Beer has always been one of Belgium’s biggest money-spinners but now Brussels is going a step further, announcing plans Thursday to open a temple to the amber nectar in its old stock exchange building.
The “Temple of Belgian Beer” project finds a use for the grand 19th century building near the Belgian capital’s famed Grand Place, which is fronted by corinthian columns and resembles a classical temple.
The Brussels Bourse was abandoned by stockbrokers in 1996 after the computerisation of the financial markets and then became a site for temporary exhibitions.
But the building has fallen into disuse since municipal authorities took it over in 2012.
After a 15-month study Brussels authorities gave the green light to a plan to make a temple to Belgian beer, the country’s most prized export, in partnership with the Belgian Brewers’ Federation, officials said Thursday.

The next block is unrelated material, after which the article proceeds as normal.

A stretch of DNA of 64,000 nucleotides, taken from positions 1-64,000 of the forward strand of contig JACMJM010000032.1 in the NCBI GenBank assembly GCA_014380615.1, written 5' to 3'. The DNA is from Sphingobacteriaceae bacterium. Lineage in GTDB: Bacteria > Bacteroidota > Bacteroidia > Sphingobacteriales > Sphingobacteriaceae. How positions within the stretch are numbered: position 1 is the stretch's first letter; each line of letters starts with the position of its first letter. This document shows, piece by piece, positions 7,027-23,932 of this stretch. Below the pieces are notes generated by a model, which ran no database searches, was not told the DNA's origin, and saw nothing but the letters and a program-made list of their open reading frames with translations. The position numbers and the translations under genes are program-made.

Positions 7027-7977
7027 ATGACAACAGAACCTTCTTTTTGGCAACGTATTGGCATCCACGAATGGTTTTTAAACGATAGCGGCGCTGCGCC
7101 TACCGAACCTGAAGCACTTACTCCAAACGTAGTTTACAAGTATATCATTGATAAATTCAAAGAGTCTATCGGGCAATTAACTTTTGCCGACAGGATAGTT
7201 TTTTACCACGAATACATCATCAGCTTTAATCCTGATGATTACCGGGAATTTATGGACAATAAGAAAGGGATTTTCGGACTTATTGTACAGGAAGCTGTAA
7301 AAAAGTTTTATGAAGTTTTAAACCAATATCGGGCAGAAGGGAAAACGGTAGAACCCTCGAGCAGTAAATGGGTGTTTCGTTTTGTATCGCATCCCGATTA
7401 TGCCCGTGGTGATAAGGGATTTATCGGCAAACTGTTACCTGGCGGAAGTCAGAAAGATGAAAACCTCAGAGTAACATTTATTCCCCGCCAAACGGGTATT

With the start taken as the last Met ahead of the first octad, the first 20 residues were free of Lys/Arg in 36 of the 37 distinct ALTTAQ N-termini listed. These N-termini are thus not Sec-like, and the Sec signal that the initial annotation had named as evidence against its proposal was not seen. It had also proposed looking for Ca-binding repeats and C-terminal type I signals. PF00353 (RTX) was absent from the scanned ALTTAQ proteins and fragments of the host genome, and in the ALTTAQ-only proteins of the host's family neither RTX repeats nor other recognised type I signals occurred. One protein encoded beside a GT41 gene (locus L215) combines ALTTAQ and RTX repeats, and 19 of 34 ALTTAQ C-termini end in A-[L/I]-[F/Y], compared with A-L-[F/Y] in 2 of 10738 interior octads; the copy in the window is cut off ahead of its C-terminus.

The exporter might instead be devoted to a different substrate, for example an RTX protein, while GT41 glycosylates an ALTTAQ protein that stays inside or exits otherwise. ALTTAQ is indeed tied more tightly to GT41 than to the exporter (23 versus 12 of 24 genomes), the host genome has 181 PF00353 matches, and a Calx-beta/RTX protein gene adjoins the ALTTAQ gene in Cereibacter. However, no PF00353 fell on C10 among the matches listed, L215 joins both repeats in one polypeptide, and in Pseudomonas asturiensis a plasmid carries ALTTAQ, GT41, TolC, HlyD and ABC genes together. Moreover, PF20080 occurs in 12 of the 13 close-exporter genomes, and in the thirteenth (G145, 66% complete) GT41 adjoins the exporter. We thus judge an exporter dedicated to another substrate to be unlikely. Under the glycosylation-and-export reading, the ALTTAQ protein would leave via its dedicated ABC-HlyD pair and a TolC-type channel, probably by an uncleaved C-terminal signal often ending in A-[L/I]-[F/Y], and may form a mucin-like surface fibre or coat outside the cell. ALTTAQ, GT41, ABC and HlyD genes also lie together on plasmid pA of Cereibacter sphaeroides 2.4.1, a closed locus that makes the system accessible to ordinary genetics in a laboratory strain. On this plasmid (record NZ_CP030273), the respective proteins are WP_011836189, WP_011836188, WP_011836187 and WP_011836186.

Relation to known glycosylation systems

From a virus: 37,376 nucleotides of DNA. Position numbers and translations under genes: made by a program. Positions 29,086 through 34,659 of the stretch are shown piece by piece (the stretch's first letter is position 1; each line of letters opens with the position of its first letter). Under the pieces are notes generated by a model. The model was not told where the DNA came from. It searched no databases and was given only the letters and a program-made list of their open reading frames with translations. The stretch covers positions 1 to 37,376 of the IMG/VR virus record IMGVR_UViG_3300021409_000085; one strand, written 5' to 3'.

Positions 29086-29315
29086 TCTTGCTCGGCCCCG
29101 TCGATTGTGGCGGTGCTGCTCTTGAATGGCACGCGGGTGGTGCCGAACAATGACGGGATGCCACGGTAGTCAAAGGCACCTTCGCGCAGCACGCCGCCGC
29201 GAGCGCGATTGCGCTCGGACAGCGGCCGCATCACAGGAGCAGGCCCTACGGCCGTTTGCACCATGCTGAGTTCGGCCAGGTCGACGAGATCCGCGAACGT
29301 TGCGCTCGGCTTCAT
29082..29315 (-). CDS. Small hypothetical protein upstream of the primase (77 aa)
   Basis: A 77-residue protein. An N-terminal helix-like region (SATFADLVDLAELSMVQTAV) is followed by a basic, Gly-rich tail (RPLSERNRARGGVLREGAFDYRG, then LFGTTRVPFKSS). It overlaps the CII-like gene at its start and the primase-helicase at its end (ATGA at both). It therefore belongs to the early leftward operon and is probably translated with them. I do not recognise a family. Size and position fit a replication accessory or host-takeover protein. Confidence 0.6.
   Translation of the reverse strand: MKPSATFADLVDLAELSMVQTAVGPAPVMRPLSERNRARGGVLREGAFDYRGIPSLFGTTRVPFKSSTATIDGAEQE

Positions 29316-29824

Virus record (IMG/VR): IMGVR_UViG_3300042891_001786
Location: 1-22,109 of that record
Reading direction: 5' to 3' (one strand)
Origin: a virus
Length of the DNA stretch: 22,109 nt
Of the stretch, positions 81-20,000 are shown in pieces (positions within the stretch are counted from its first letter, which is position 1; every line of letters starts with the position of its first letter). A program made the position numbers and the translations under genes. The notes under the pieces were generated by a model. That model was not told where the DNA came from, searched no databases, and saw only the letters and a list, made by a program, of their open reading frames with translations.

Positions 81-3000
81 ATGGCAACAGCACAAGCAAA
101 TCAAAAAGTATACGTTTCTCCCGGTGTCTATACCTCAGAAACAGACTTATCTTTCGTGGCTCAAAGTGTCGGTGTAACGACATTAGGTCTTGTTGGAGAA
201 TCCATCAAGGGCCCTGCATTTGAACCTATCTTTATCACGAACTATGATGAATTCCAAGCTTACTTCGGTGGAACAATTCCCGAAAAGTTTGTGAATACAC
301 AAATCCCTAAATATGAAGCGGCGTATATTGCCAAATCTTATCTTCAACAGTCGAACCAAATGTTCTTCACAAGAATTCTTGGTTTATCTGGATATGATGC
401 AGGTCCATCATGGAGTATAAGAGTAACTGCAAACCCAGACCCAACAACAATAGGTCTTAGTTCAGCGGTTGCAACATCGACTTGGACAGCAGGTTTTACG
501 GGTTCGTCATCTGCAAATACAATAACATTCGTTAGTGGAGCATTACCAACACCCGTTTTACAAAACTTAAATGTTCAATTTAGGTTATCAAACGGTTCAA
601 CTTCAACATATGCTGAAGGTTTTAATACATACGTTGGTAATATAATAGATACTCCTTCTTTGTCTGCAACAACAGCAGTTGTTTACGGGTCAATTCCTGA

Philippe Close, the deputy Brussels mayor responsible for tourism, said he hoped the “temple” could be open by 2018 and attract 400,000 visitors a year,
“Beer is to Belgium what wine is to France, it gives our small country a real identity,” Sven Gatz, the president of the brewers’ federation, told AFP.
Belgium has around 150 breweries turning out anywhere between 1,000 to 1,500 different beers ranging from red to golden ales and sour cherry froth, lagers to stouts and lambic beers.
Exports have soared 70 percent over the last decade, with 62 percent of the beer produced last year now shipped abroad.